Last September, the Newport City Council approved new zoning in the North End that lays the groundwork for an ambitious plan for the area’s future, called the North End Urban Plan. Some locals have worried, however, that the city’s plans to attract big builders — and accompanying zoning — don’t do enough to protect nearby families from the potential threats of gentrification and rising housing costs.

In January 2021, a group of North End residents independently recruited a national organization, Smart Growth America, to help create an equitable development plan for the North End. For more than a year, the organization’s consultants worked with North End neighbors to draft a set of zoning changes, which Newport’s City Council unanimously approved Wednesday.

“These concerns affect all of Newport,” said North End resident Aida Neary, who was a member of the local advisory group that worked with Smart Growth America. “In these zoning amendments for the North End, you have the opportunity to be bold and to show the way for the future when it comes to making cities and towns livable for year-round residents.”

While the North End Urban Plan already requires builders to devote at least 5% of new developments to open space, the amendments bolster protections for open green space by specifying what forms of open space developers are encouraged to build, including parks, plazas, and playgrounds. The changes include stronger language as well around community benefits that large-scale developers will be expected to provide nearby residents. At Wednesday’s Council Meeting, Newport officials added language that will require all community benefit agreements with future developers to receive City Council approval.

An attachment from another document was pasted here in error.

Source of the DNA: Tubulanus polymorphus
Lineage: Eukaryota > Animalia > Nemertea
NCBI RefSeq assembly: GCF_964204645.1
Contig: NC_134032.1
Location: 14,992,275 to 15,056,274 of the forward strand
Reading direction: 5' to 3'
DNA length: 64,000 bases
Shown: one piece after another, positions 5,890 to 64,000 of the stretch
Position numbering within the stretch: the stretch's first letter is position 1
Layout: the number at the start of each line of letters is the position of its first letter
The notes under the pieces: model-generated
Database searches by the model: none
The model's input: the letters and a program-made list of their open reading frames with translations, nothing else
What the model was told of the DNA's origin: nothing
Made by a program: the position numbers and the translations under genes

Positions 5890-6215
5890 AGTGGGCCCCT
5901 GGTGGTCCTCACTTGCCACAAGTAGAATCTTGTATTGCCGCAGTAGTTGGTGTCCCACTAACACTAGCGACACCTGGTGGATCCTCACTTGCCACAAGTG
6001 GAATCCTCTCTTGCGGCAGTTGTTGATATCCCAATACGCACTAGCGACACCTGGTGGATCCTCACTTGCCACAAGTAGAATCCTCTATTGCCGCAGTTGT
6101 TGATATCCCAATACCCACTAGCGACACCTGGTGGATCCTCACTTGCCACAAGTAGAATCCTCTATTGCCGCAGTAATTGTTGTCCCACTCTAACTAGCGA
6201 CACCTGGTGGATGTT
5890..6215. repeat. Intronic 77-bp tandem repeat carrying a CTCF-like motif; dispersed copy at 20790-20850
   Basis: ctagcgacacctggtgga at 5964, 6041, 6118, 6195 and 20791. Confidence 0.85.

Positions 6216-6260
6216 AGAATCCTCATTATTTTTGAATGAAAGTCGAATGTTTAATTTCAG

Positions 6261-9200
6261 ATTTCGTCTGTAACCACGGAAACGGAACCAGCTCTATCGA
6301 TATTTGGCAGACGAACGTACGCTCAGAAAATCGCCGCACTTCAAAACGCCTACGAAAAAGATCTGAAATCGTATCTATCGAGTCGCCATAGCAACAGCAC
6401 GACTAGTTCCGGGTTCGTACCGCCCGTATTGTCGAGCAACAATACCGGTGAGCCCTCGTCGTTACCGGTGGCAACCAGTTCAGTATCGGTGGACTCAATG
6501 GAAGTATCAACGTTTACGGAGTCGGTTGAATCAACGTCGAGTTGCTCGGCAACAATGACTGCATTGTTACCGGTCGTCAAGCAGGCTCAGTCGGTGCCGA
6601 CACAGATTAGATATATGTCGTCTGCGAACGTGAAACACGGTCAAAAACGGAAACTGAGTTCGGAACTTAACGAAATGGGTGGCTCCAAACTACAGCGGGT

Newport’s City Council also agreed to incentivize the creation of more workforce housing by allowing developers to build an additional story on their buildings if at least 15% percent of the building’s units are affordable for families earning up to 60% of the area median income. On Aquidneck Island, that cutoff is currently around $70,000 for a family of four.

William Conley, an attorney for the North End local advisory group, said the incentive would help address some developers’ belief that it is cost-inefficient to build affordable housing.

“Why do developers want to engage in strategic development that forces workforce housing and mitigates displacement?” he asked. “Well, we think we’ve found a way.”

The zoning changes will require a second reading in May before taking effect. City Councilor Angela McCalla, who represents the area of Newport containing the North End, said the process has shown that city planning should not be “professionally or institutionally separate” from local communities.

“We — meaning our city administration, as well as the community — really all thought deeply about how we understand the history and the context of city planning,” she said, “and how we could encourage better planning and policies to achieve inclusivity for all, and not just for some.”


Antonia Ayres-Brown is the Newport Bureau Reporter for The Public’s Radio and a Report for America corps member. She can be reached at antonia@thepublicsradio.org